Hundreds of dollars for a real estate purchase in Aspen? Only during the Quiet Years.
L.L. Wilkes has purchased the Collins Block of D.R.C. Brown, the deal being closed this week. The transactions involved many hundreds of dollars and is one of the largest real estate transfers transacted in Aspen for several years.
Speaking of D.R.C. Brown …
While David R.C. Brown was in town for the forepart of the week, he asked us why we didn’t tell how much taxes he paid when we published how much he had received of the City’s revenue.
Being fair-minded and not wishing to be called unfair, we very gladly agreed to grant Dave’s request.
It has long been the assertion of Mr. Brown that he paid one-third of the City’s taxes.
Now, here are the facts:
The City’s total tax is about one-third of the county and only about 60 per cent of the city tax is paid and Mr. Brown pays not to exceed one-fourth of this 60 per cent, or about 15 per cent of the total City tax and he still receives nearly 20 per cent of the City’s total revenue.
Today the Glenwood Springs Hot Pool is a wonderful springtime destination. The same could be said in May 1929. The Times wrote,
Last Sunday was a real summer day and quite a number of people made the most of it by motoring to the Spa. “We” counted 35 Aspenites in the Spa.
Road trip had a whole different meaning 75 years ago …
“Curley” Fosdick motored to Aspen Friday from Meeker and returned to Glenwood the same day. He sports a new Lincoln coupe and says there is nothing on the road that can pass him.
Ever wonder why hot in Aspen isn’t as hot as elsewhere? The Times explains,
Why sunstrokes and heat prostrations do not occur in Colorado during the high temperatures of July and August ” the reason Colorado has become a refreshing refuge for tourists in the summertime ” is explained scientifically in a new bulletin just published by the Colorado Agricultural college experiment station.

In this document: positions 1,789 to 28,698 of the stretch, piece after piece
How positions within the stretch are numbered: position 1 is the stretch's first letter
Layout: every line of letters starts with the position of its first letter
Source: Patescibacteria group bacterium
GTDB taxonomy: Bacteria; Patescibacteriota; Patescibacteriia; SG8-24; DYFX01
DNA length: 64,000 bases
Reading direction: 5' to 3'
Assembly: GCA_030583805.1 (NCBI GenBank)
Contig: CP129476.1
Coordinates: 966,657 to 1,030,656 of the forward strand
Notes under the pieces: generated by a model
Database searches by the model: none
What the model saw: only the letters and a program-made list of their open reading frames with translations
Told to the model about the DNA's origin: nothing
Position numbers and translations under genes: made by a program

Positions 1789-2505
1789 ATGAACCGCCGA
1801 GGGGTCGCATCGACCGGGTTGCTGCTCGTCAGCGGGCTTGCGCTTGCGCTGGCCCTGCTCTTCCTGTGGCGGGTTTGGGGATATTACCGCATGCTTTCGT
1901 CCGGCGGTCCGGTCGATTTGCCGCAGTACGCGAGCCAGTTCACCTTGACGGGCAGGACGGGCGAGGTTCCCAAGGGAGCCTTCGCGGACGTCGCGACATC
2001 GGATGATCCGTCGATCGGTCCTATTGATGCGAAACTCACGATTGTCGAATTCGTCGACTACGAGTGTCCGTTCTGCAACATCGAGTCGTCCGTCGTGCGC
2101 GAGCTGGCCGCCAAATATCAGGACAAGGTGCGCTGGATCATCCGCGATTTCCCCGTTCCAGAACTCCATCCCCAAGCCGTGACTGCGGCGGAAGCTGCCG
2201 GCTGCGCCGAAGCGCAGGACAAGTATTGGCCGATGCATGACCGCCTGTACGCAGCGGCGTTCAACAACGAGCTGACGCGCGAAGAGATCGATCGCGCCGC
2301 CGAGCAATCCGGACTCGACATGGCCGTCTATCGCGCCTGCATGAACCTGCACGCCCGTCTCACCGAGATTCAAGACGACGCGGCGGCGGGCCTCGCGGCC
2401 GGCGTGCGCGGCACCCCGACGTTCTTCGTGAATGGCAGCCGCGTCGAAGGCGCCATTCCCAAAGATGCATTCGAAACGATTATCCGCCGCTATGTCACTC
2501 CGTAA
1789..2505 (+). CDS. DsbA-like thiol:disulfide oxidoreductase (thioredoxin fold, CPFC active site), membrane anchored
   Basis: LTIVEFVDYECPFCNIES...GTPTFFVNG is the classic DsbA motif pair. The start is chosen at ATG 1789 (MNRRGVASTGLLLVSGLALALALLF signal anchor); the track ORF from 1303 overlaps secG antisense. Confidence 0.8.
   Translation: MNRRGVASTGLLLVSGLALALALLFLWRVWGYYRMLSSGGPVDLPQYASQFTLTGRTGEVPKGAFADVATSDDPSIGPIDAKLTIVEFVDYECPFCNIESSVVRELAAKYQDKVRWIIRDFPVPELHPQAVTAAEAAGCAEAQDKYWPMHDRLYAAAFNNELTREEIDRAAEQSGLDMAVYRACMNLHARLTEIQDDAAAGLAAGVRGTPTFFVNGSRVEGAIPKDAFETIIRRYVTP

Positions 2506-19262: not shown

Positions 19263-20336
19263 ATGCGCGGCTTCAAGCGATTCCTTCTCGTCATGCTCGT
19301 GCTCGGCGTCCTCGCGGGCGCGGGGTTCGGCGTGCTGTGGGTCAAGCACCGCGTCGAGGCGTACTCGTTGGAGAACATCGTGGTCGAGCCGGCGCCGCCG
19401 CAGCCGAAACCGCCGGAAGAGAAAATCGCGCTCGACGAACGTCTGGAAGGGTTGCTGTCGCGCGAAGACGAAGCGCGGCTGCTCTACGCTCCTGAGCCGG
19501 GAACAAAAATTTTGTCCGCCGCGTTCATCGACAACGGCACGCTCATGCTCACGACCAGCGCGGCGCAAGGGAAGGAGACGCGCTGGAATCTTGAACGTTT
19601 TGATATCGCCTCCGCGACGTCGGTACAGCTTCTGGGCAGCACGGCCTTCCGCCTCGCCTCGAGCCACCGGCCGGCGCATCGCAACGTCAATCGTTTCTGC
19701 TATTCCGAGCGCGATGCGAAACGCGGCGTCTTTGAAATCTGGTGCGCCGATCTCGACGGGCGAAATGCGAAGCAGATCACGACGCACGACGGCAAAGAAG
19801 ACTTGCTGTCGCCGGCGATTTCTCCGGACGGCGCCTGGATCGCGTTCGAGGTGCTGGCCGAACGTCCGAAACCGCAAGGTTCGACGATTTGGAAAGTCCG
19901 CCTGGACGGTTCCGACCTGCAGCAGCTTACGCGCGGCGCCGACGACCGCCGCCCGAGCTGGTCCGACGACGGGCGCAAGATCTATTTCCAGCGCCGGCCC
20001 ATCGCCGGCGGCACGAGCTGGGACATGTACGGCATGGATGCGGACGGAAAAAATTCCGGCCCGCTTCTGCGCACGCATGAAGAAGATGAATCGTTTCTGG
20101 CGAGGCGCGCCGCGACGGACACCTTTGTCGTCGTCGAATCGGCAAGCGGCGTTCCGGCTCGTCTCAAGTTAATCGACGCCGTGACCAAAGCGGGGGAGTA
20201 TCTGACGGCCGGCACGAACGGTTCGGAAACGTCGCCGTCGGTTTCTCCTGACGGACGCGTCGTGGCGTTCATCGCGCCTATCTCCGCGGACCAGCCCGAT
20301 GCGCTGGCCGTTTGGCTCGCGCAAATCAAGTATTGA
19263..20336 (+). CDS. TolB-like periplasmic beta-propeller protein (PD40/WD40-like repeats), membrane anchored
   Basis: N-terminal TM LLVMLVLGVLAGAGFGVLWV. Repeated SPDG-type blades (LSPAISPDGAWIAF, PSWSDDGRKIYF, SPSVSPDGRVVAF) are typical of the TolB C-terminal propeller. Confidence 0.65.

“The Climate of Colorado” is the title of this bulletin, which was written by Robert E. Trimble …
“The prevailing lack of moisture in the air is favorable to increased intensity of the direct rays of the sun but, owing to the dry atmosphere, which is favorable to rapid cooling by radiation and evaporation even the warmest days are comfortable in the shade, and are succeeded by cool nights, which prevent a tendency toward the debility incident to continued heat.”
Aspen Mountain was just beginning to take shape as the ski hill we know today. And, according to following report in The Times, the whole town was being given the “opportunity” to buy in.
Instead of the projected platter pull, Aspen’s ski hill will have a high capacity double chair lift extending from the Dam in Spar Gulch to the Sundeck, the Aspen Skiing Corporation announced this week.
At the same time the announcement was made, details of financing the new lift were announced. Highlight of the plan was that Aspen residents, for the first time since the original lift was constructed, will be invited to participate in the financing.
The community Aspen has been invited to finance $25,000 in the form of ten year notes drawing 4% interest.
At a special meeting of the Chamber of Commerce directors held last Monday, Chamber officials announced their intention of trying to keep the purchase of these notes an exclusively Aspen affair. They pointed out that this in an excellent opportunity for Aspen residents and businessmen to share in a business venture with the Corporation which plays such a large part in Aspen’s economic life.